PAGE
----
Mental Health Therapy as a Core Strategy for Increasing Human Capital: Evidence from Ghana
We study the impact of cognitive behavioral therapy (CBT) for individuals selected from the general population of poor households in rural Ghana. Results from 2-3 months after a randomized intervention show strong impacts on mental and physical health, cognitive and socioemotional skills, and downstream economic outcomes. We find no evidence of heterogeneity by baseline mental distress; we argue that this is because CBT can improve human capital for a general population of poor individuals through two pathways. First, CBT reduces vulnerability to deteriorating mental health; and second, CBT directly improves bandwidth, increasing cognitive and socioemotional skills and hence economic outcomes.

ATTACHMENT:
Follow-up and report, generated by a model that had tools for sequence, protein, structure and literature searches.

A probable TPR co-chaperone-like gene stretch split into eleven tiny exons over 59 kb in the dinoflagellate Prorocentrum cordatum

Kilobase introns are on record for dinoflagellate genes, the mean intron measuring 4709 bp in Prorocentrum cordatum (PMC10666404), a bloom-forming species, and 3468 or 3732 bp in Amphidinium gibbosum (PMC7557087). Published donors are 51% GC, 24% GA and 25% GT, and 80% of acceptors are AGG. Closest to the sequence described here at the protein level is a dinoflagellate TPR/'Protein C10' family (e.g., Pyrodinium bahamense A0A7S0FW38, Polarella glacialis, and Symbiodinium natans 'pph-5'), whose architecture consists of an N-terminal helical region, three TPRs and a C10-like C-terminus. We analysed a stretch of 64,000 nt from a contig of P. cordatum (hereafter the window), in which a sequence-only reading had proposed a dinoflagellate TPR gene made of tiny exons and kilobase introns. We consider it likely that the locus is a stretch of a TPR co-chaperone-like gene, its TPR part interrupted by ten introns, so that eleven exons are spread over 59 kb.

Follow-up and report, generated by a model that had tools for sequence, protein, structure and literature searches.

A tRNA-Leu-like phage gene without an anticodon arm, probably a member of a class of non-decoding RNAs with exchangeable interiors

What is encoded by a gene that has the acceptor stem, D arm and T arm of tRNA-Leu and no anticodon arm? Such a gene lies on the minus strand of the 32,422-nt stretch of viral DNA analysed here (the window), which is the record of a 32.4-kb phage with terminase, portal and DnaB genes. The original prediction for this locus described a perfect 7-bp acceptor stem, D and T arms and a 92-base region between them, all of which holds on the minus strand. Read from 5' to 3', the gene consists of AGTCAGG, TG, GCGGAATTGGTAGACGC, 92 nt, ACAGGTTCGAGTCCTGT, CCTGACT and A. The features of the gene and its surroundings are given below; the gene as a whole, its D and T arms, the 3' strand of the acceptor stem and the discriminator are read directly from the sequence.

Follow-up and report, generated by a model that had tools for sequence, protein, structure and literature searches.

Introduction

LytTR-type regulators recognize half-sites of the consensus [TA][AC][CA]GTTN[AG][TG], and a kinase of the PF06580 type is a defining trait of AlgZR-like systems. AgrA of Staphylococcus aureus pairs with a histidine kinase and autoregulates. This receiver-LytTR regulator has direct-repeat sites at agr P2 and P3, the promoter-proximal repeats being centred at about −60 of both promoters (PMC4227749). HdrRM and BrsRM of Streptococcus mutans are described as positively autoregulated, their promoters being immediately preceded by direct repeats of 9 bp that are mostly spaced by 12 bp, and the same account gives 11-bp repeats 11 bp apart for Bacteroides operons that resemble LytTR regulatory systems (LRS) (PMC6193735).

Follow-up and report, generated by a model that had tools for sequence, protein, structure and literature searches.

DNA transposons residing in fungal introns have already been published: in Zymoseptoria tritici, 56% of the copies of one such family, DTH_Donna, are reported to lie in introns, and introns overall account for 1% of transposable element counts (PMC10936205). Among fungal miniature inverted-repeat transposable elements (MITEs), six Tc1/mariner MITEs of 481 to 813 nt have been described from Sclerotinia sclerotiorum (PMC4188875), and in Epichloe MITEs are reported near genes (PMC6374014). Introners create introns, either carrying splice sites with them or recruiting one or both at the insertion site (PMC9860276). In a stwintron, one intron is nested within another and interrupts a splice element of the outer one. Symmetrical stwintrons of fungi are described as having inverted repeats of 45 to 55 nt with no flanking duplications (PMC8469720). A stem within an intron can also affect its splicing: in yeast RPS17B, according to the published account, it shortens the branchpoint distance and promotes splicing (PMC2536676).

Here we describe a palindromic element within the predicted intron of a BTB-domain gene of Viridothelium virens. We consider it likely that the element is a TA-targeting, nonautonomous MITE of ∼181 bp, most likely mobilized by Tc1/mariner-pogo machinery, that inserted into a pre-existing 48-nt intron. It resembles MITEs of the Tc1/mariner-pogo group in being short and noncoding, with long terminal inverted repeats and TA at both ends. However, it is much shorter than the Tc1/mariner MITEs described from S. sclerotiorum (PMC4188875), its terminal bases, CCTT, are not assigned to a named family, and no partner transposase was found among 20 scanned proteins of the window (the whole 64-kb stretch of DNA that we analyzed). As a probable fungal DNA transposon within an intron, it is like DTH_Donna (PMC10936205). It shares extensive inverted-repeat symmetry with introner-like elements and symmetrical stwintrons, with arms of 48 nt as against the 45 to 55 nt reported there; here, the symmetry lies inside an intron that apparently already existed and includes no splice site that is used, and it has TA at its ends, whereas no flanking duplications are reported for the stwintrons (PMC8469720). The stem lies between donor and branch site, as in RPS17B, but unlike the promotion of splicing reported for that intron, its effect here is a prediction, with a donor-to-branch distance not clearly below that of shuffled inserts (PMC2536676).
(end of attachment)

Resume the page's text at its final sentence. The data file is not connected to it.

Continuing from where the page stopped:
The authors thank Ishmail Azindoo Baako, Daniel Janamah Duut, Abubukari Bukari, Kamal-Deen Mohammed, Richard Appiah, David Djani Kotey, Salifu Amadu, Issah Mohammed, Madeleen Husselman, Kelsey Larson and Sarina Jain at Innovations for Poverty Action for excellent project management and research assistance in the design, implementation and analysis of the project. The authors thank the Bill and Melinda Gates Foundation, Ford Foundation, and the Wellspring Foundation, for funding support for research and implementation. All errors and opinions are our own. The views expressed herein are those of the authors and do not necessarily reflect the views of the National Bureau of Economic Research.